– The increasing of unemployment rates , there are more than 5 million unemployed graduates from universities and institutes , according to official figures, the number of unemployed in Egypt increased from 112 thousand and 535 unemployed in 1950 to reach more than 5 million unemployed at the beginning of this year, this means that the number of unemployment increased by 4000% over the last 54 years if these numbers and statistics are true . If the successive governments were really serious in addressing unemployment, the rates would not rose from 1.2% of the total labor force in 1950 to reach 3.4 in 1970 and 7.1% in 1986 and 11 .1% in 1990 and 13% at the beginning of this year, this percentage means that it exceeded the safe limits, where economic studies agree that the safe limits for the rate of unemployment in any society, ranging from 3-4% only.
-52% Of Egyptians live on less than two dollars per day, according to international reports that about 23% live below the poverty line. The Human Development Report, entitled “Egypt’s Social Decade: The Role of Civil Society” which was issued in 2008 indicated that there are a thousand Egyptian villages include 5 million persons living under the “poverty line” which is equivalent to about 37% of the total number of poverty rate in Egypt ( 13.6 million persons). This map indicated that poverty is concentrated in rural areas, especially rural Upper Egypt, which represented 25% of Egypt area and including more than 56% of the total population according to official statistics.
– The housing problem which faces Egypt in the light of high prices of steel, cement and various other building materials, in addition to the increase of lands prices, and the exacerbated problem of shanty towns, and government’s failure to provide houses for young people.
In the light of the increase of poverty and unemployment rates , and the low of minimum wages, as well as the housing problem in Egypt, compared to high prices , we find that the real estate tax law will be an additional burden on the ordinary citizen, especially in light of the deteriorating status of economic and social rights,!! .
In view of the fact that the adequate housing is an essential element to ensure human dignity, the Egyptian Organization For Human Rights launched a campaign against the imposition of tax on the right to housing, in order to convince the Egyptian legislator to amend the real estate tax law to conform with article 11 of the International Covenant on Economic, Social rights and comments of the United Nations committee for economic, social rights and paragraph I of Article 25 of the Universal Declaration of Human Rights ratified by the Egyptian government . Also EOHR calls for imposing this tax on owners of real estate units of a different nature from the housing, and the owners of more than one house , also it invites all civil society organizations , representatives of trade unions, political parties, research centers and specialists to join this campaign.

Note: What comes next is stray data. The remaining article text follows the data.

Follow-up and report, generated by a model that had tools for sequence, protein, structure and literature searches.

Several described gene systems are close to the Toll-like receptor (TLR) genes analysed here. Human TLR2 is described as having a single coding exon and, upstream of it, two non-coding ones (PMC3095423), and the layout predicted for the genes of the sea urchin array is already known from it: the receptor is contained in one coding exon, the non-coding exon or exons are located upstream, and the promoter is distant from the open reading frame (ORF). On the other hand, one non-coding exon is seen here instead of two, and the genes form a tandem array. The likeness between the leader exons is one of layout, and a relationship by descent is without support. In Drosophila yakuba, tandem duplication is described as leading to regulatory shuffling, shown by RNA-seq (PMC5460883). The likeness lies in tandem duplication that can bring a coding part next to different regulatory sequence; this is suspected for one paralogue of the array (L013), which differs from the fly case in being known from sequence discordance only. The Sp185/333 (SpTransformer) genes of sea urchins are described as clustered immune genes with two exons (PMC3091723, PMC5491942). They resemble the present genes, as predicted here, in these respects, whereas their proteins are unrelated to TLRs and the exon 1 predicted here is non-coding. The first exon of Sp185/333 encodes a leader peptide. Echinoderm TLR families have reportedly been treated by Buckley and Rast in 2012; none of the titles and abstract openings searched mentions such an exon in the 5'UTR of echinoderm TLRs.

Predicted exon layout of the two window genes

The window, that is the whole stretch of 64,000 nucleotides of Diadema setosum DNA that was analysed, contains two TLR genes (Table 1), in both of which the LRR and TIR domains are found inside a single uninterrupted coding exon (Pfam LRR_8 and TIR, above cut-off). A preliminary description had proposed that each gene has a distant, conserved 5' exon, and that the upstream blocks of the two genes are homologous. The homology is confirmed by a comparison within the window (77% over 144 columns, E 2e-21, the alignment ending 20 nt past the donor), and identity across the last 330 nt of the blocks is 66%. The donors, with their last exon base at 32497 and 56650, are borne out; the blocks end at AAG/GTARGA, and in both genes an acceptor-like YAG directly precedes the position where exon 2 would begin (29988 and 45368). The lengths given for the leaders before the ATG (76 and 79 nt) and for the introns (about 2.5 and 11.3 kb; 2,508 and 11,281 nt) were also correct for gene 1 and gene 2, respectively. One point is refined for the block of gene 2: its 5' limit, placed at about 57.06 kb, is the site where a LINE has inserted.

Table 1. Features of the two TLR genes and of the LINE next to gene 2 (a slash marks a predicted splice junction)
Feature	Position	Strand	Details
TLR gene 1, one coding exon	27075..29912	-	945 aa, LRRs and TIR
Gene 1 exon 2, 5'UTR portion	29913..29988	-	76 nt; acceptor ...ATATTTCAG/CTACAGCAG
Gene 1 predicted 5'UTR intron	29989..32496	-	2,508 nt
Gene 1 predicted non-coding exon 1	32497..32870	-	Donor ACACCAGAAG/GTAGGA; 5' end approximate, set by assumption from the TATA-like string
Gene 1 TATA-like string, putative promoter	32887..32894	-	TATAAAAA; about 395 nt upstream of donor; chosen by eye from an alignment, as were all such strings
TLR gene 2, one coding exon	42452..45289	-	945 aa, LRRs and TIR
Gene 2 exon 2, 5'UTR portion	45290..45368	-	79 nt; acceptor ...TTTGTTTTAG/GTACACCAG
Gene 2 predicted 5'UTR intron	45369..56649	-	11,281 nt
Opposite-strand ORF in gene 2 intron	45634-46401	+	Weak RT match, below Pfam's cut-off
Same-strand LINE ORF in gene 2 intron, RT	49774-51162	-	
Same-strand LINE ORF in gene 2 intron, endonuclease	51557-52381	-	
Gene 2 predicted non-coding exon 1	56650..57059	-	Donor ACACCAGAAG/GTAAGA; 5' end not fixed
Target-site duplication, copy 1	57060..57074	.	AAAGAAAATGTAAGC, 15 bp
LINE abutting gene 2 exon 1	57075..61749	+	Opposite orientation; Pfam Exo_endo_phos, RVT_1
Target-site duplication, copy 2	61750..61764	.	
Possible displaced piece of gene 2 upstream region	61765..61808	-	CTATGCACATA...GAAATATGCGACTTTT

At the same time, EOHR recommends the following:
-The Government has to sign and ratify the optional Protocol on Economic, Social and Cultural Rights which was signed by many countries in September 2009, In accordance with the provisions of the protocol, individuals are allowed to submit a complaint to the committee of economic and social rights on violations which they face in this regard, the committee has the right to take the necessary action accordingly. This protocol reflects the commitment of States to develop effective mechanisms for victims of violations of economic, social and cultural rights as part of a balanced system of human rights under international law of human rights.
The article (2) of the Protocol provided that ” Communications may be submitted by or on behalf of individuals or groups of individuals, under
the jurisdiction of a State Party, claiming to be victims of a violation of any of the economic, social and cultural rights set forth in the Covenant by that State Party. Where a communication is submitted on behalf of individuals or groups of individuals, this shall be with their consent unless the author can justify acting on their behalf without such consent.
– The need for the government to adhere to all appropriate means to ensure the availability of houses with acceptable and reasonable price for everyone, and to take a series of measures to reflect the policies and legislation in all elements of the right to housing, and protection of residential areas and not to enhance its the level not to assault or damage it pursuant to international conventions concerned with human rights.
– The Government has to review its housing policies by enabling low-income and poor people to enjoy with the right to adequate housing where there are privacy and safety and health standards , also to provide financial and in kind aids and other compensations to the victims of forced evictions and demolition of houses and to find suitable alternatives for people living in that house, and to prepare a comprehensive plan to eradicate shanty towns which can not be developed, and to supply of new cities, utilities and basic services